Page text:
By Andrea Shalal and Jeff Mason
WASHINGTON (Reuters) -President Joe Biden will say on Wednesday that threats by some Republican candidates to refuse to accept election results if they lose is a "path to chaos" and will urge voters to reject election deniers.
The White House released excerpts of a speech Biden was to deliver later on Wednesday night as he tries to help Democrats face down a strong challenge from Republicans and maintain control of the U.S. Congress.
Biden will say that the Nov. 8 elections are the first since the Jan. 6, 2021, attack on the U.S. Capitol by supporters of then-President Donald Trump. "I wish I could say the assault on our democracy ended that day. But I cannot," Biden will say, according to the excerpts.
Biden will speak at a 7 p.m./2300 GMT Democratic National Committee event at Washington's Union Station near Capitol Hill.
He will urge voters to "think long and hard about the moment we are in."
"As I stand here today, there are candidates running for every level of office in America: for governor, for Congress, for attorney general, for secretary of state who won't commit to accepting the results of the elections they're in," he will say.
"That is the path to chaos in America. It's unprecedented. It's unlawful. And, it is un-American," Biden will say.
The Democratic National Committee said Biden would "address the threat of election deniers and those who seek to undermine faith in voting and democracy; and the stakes for our democracy in next week's election."
Biden believes it is important to speak out "loud and clear" against political violence and those who have said they will not accept the results of the elections, White House press secretary Karine Jean-Pierre told reporters.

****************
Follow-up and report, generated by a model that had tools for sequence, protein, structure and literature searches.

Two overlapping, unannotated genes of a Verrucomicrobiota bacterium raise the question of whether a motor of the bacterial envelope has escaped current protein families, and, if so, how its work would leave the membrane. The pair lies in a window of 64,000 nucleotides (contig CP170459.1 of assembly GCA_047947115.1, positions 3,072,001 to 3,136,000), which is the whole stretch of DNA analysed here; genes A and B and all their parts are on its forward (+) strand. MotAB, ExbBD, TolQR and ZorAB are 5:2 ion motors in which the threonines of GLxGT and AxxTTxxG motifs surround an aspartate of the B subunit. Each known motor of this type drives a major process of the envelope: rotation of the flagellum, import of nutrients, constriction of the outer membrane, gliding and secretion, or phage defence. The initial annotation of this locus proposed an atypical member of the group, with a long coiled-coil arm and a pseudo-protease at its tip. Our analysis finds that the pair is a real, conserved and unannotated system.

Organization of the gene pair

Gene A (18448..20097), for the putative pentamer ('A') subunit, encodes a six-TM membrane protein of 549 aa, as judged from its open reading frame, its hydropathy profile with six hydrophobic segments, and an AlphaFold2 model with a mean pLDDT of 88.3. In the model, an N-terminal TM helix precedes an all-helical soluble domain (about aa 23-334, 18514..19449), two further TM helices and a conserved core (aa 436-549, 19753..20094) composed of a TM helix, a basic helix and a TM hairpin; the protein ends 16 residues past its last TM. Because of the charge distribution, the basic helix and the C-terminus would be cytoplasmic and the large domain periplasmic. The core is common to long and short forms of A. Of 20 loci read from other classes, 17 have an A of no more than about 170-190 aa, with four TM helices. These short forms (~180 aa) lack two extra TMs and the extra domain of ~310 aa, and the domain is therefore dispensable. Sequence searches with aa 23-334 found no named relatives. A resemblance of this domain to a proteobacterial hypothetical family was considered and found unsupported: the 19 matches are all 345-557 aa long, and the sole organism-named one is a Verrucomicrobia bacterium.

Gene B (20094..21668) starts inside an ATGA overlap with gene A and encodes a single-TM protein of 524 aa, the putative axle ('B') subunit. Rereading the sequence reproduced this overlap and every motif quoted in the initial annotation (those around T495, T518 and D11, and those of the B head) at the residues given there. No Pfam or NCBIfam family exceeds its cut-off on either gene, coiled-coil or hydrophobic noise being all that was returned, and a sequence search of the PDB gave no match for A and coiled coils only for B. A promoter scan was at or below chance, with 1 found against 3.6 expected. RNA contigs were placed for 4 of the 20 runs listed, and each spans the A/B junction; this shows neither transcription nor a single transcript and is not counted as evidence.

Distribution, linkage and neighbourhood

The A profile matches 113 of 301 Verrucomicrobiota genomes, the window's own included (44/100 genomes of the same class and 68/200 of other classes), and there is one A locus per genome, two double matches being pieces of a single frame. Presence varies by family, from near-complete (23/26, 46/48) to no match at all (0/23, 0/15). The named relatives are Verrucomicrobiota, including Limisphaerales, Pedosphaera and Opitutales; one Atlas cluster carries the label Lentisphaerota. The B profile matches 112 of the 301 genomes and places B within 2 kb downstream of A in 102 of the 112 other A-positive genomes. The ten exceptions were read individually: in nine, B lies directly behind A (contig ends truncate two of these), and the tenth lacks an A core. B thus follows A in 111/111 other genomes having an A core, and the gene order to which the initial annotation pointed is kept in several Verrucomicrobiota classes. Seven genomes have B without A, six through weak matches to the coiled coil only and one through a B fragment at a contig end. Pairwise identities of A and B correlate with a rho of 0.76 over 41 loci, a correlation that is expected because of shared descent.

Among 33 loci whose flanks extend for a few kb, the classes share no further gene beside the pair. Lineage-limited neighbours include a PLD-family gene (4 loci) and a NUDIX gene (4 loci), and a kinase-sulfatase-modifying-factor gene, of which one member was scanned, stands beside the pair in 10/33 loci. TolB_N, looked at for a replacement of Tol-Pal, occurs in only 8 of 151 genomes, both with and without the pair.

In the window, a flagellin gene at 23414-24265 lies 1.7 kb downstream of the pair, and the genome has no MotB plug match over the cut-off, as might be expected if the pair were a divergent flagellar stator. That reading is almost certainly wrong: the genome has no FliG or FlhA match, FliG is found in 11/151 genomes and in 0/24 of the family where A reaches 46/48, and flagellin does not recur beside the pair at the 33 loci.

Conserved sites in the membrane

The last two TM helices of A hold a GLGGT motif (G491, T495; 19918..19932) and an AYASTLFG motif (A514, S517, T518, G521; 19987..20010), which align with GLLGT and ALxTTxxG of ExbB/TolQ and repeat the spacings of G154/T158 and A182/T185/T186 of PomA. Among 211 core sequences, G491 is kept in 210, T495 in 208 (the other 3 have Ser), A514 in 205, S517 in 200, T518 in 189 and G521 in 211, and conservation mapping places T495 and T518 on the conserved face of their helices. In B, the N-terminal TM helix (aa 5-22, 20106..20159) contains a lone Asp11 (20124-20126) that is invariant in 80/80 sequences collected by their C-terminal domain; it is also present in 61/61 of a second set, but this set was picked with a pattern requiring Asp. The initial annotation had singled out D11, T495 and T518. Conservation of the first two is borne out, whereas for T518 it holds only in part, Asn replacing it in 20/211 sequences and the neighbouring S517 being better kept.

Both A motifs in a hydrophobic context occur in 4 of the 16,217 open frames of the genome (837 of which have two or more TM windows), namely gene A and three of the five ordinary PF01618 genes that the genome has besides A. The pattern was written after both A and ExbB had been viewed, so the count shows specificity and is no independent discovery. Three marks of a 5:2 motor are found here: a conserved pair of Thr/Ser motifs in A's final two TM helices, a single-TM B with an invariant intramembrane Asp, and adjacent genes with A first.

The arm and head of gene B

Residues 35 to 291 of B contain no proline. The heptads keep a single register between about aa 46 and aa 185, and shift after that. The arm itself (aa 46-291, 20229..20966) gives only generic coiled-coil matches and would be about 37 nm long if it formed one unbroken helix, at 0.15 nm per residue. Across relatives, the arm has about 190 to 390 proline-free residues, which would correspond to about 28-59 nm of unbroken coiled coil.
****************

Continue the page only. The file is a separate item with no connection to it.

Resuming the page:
"This is an inflection point," she told a regular White House briefing. "What the president believes that what he is seeing and what we are hearing from MAGA Republican officials - extreme Republican officials - who say they are not going to accept this election, is a threat to our democracy."
The speech comes against the backrop of the U.S. Capitol assault last year and the weekend attack on the husband of House Speaker Nancy Pelosi, a fellow Democrat, senior White House adviser Anita Dunn told an Axios event.
Most midterm forecasts predict Republicans are almost certain to take control of the House, and show the Senate is a toss-up.
Looking ahead to 2024, Dunn said Biden intends to run for re-election, as he has said previously. Though a formal announcement is yet to come, "we are engaged in some planning," she said.
Trump's supporters stormed the Capitol on Jan. 6, 2021, in an attempt to stop the official certification of Biden's victory in the November 2020 election.
While reviews by dozens of courts, state authorities and members of Trump's own administration have repudiated his false claims that his election defeat was the result of widespread fraud, he has continued airing them since leaving office.
Voter fraud is extremely rare in America, but a substantial number of Americans are concerned. A Reuters/Ipsos poll that concluded on Monday found that 49% of Americans think that voter fraud is a widespread problem, with 34% of Democrats and 69% of Republicans holding that view.
Some 44% said they are concerned that the U.S. election is rigged, including 28% of Democrats and 62% of Republicans.
Despite those beliefs, 67% of respondents said they were confident their own ballots would be accurately counted, including broad majorities of Democrats and Republicans.
(Reporting by Andrea Shalal and Jeff Mason; wrting by Steve Holland and Doina Chiacu, editing by Deepa Babington)